In Quest of Biryani

By itself, Biryani (as the Indian subcontinent largely knows it) is a full meal. And therein lies its widespread appeal across restaurant menus and taste buds alike.

Especially, if you do not restrict yourself to vegetarian options in food, Biryani of all kinds would easily have crossed your palates when exploring cuisines of South Asia. At an early age, yours truly was drawn to this dish due to its lip-smacking and finger-licking taste regardless of the preparation type or spice mix.

What started out as a preferred dish when ordering at restaurants, gradually evolved into an exploratory tale for me – across cities, countries and continents. I have the had the fortune of gorging on some of the best biryanis, at home and restaurants alike. And I also hope to someday lay my hands on the ones that are still stuck on the wish-list.

In this post, I have tried to put together an analysis that has relied solely on my taste buds – for over a decade. This spans over five hundred restaurants in about a hundred cities across two scores of countries. A journey that was never about pitting one style against the other or going by and vouching for ratings that flash on the menu-scanning apps; there are three key beliefs that emerged in my quest for Biryani –

  1. If someone tells you one style of biryani is better than the other, say the Hyderabadi is better than the Awadhi or how Mughlai is what Moradabadi aspires to be – it is almost always a personal preference or the love for your local preparation. There is no absolute best in terms of cooking style.
  2. Most biryanis served in restaurants, across the parts of the world I have been to, are hastily done ‘Pilaf/Pulao’ in varying degrees. Trying to differentiate a biryani from a pulao may be understandable but not discriminating against different styles of biryani – steer clear of suggesting ‘Who makes Biryani with potatoes?’ at the sight in Calcutta, it only shows the lack of knowledge of different styles.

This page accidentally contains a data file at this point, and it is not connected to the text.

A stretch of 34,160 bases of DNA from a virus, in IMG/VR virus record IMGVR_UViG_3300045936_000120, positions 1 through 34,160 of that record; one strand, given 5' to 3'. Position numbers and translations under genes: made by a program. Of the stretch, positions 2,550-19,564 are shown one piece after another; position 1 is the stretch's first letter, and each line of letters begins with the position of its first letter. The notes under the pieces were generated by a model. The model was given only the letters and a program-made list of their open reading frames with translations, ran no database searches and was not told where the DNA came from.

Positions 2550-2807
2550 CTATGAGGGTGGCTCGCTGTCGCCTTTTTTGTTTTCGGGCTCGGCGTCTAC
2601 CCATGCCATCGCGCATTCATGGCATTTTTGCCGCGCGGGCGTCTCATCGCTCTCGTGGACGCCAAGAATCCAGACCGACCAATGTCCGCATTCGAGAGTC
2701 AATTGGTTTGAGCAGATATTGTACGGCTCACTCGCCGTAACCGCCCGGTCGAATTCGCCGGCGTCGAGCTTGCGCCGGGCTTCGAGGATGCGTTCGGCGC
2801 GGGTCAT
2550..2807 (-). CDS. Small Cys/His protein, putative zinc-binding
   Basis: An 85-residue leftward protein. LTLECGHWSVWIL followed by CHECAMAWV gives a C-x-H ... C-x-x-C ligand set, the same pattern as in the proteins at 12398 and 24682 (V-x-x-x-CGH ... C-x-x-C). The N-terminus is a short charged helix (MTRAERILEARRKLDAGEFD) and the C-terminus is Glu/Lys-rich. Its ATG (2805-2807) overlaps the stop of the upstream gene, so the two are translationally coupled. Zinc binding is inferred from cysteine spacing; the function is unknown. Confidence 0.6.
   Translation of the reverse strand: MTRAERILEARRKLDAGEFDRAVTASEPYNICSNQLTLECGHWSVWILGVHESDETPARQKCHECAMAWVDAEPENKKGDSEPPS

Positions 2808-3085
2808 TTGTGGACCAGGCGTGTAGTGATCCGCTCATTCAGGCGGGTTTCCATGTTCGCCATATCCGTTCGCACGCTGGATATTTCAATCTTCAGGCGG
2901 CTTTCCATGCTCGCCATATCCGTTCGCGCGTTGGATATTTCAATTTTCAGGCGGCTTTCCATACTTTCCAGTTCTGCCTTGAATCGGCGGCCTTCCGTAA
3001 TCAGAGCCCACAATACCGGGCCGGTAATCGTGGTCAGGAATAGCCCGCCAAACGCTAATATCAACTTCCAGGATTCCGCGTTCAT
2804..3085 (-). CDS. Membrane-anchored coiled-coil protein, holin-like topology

3. I will always subject a Biryani sample to three test criteria –
    1. Repeat Value: How many times can you ask for this same dish when you return to this location?
    2. Willingness to Consume: Can you consume a standard serving of this dish on a full stomach?
    3. Taste Quotient: The must-have in any food preparation – simply rate the taste

If you look closely, the third factor is often one aspect of a culinary assessment – plating, ambience, service etc. there are several other factors at play; which may be great for rating a restaurant, but when it comes to the quest for the undisputed biryani of choice, I will go with the first two qualifiers to determine how good the biryani is.

For example, I may find the taste of a sample an absolute delight – but it will still not be a blockbuster, if I feel full too soon or if I am willing to part with it on a subsequent visit. As a matter of fact, I subject any preparation I come up with in my kitchen to the same test. There are no distractions when it comes to the ultimate Biryani – no plating, no salaan, no raita can come in the way of this quest.

The legend in the tables below indicates the coverage across countries when it comes to having a biryani on my trips. There are three categories of locations –

  • Sampled: Locations where I have tasted just one sample of biryani
  • Surveyed: Locations where I have tasted more than one but less than ten samples
  • Seasoned: Locations where I have tasted more than ten samples

Europe

AsiaAndNA

Here are the top ten that I have rated in this exercise, and a few more that ran close – but by no means is the quest for the ultimate over. This will always be, a work in progress.

TheTopTen

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